I have a pair of charts here that pose an interesting question – are Vanguard investors smarter than iShares investors?
Since the beginning of this year, emerging markets as an asset class have outperformed the US stock market by almost 3 to 1. This has left many investors who are under-allocated to EM in catch-up mode. But not all investors.
When we compare ETF assets under management to share price for the two largest EM funds – iShares’s EEM and Vanguard’s VWO – we see two very different patterns of investor behavior.
Let’s look at the iShares product, EEM, which costs a lot more than Vanguard’s and distinguishes itself by being based on the popular MSCI EM index. The first thing you’ll notice is that assets under management (orange line) of $31 billion are down significantly from their peak of $52 billion. EEM’s assets have fallen almost 40% since the start of 2013 while the ETF’s returns (blue line) were only down slightly since then.
Investors were heavily allocated just before a five year stretch of dreadful performance and then were totally underinvested at the bottom, with only $17.5 billion invested in EEM at the start of 2016.
This is a great illustration of how even so-called passive investors underperform their own investments, almost systematically. If you want to keep from throwing up, make sure you never look at a fund’s dollar-weighted returns. They are always worse than a fund’s published price returns, which almost no one actually earns.
But when we look at Vanguard’s competing VWO product, the world’s most popular emerging market ETF, we see a somewhat different picture…
In the chart below, you’ll see that VWO’s assets under management (orange) are actually leading the performance of the fund (blue) over the last five years:
Let me break down what’s going on here. VWO’s ETF assets only (the fund is classified as a share class of Vanguard’s identical mutual fund) are $52 billion. This is actually 17% higher than where they were five years ago versus a returns of just 8% for the ETF. Holders of VWO have been much steadier in terms of allocating to the asset class and in the last six months they’ve actually been front-running the returns with their purchases. It’s notable that they’ve been doing so even as iShares holders have fallen way behind.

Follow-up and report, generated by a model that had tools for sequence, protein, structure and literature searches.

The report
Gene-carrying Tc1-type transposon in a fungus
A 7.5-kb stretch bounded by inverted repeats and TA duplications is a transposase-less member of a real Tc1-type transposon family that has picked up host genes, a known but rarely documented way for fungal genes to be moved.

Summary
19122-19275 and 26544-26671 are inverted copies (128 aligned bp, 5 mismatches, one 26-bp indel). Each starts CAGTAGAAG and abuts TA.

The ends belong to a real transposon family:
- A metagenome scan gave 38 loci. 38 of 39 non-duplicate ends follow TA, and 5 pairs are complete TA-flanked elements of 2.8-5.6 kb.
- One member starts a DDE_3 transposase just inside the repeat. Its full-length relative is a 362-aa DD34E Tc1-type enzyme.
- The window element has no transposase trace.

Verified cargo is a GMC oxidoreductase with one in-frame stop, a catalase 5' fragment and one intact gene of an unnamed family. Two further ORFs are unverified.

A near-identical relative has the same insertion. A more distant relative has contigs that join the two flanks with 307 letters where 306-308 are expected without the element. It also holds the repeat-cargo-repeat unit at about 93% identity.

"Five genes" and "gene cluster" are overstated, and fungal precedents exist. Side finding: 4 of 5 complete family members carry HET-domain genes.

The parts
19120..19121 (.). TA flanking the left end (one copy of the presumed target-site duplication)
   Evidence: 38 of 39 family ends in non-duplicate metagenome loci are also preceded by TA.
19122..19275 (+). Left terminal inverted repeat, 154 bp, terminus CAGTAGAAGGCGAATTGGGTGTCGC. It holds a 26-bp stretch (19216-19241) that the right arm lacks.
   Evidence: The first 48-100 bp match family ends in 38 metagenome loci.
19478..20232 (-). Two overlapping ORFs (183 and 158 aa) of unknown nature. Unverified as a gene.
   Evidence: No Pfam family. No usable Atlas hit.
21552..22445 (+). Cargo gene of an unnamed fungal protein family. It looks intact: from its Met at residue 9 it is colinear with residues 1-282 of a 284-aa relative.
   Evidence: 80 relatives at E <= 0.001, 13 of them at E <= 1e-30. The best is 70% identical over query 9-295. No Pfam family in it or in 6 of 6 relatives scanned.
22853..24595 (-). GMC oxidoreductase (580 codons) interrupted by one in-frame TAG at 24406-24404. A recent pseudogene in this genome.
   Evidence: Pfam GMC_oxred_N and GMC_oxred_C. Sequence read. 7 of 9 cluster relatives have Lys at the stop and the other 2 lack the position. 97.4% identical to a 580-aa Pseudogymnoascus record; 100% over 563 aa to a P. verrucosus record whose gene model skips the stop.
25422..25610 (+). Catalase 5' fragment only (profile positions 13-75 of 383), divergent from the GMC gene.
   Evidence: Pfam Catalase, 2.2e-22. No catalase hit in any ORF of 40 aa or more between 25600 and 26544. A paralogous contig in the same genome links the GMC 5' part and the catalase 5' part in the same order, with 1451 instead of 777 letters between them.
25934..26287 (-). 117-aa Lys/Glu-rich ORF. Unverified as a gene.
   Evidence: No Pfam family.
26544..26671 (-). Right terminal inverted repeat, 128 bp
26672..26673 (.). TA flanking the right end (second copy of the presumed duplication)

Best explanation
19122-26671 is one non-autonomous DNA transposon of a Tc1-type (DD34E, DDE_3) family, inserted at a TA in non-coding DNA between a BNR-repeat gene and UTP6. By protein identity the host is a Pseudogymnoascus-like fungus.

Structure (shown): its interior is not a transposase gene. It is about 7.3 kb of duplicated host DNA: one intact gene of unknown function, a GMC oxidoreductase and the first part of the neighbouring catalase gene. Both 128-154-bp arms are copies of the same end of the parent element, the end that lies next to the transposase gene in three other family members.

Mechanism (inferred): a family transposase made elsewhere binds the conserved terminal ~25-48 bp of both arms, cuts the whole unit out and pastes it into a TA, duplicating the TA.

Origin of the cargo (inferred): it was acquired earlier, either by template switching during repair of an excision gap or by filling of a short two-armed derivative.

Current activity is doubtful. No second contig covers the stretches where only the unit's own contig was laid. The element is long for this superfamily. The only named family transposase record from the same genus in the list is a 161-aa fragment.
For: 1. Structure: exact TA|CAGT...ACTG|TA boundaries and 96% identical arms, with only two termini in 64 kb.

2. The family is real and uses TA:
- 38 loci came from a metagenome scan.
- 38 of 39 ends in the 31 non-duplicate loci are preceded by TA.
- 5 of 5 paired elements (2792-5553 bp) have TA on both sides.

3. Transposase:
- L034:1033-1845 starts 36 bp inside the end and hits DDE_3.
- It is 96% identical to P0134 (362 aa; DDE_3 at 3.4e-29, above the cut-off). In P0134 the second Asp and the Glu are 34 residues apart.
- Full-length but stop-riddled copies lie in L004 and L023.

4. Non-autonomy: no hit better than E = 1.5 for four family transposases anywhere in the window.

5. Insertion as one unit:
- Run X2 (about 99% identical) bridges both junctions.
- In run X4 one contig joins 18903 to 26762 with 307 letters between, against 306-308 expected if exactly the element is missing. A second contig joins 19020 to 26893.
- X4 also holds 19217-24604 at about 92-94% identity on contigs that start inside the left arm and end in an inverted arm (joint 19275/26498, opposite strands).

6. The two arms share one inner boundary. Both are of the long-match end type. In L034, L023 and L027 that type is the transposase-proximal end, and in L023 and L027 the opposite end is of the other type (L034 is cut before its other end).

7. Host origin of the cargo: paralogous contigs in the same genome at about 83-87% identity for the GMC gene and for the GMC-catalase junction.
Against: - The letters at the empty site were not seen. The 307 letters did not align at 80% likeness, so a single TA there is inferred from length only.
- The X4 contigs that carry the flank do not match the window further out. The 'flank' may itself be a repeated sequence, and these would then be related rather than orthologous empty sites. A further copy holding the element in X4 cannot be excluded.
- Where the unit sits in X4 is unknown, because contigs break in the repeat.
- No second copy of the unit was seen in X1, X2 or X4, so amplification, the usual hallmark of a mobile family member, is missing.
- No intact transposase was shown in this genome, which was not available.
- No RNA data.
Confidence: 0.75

Now, a head to head AUM comparison, expressed in percentage terms from the beginning of the five-year period:
Two things should jump out at you – first, Vanguard’s AUM (blue) has been much less volatile and iShares (orange) has lost a lot of ground.
A few possible explanations for this disparity:
1. Vanguard investors are better behaved and have been sticking to a percentage allocation plan in their portfolios while iShares users have been more sensitive to the recency bias. This is because they are different tribes of people with different behavioral characteristics.
2. Users of iShares EEM are more likely to be tactical managers, traders and hedge funds because the product offers high daily trading volume and liquidity. Vanguard users are more likely to be hands-off Bogleheads who commit to doing as little as possible each year and pay scant attention to capital markets.
3. Some of the investors who had previously been using EEM in 2012, 2013, 2014 have converted to Vanguard investors and are now making their decisions primarily on cost – EEM is 69 basis points while VWO is just 14 basis points. People care less about index construction and more about cost than they did five years ago – or they’ve developed an affinity for the Vanguard brand. Or both.
4. Vanguard does a better job at investor / advisor education than iShares and so the users of its ETF have had the discipline to add more to the asset class as it underperformed than the iShares user base.
5. An astute reader mentioned that a preference for IEMG, a somewhat competitive iShares core EM product, has taken center stage in the EM lineup. It’s had rapid AUM growth YTD. IEMG costs about a third of what its stablemate EEM costs (just 18 basis points) so it’s more akin to a Vanguard product than a BlackRock product. This would augur well for the argument that cost is driving all of this. A chart of AUM growth below:
And here’s the AUM cannibalization chart of IEMG vs EEM, which is astounding in percentage growth terms:
I would argue that answer to this puzzle could be any of these things or a combination of some / all of them.
What do you think? Let us know on twitter @ritholtzwealth !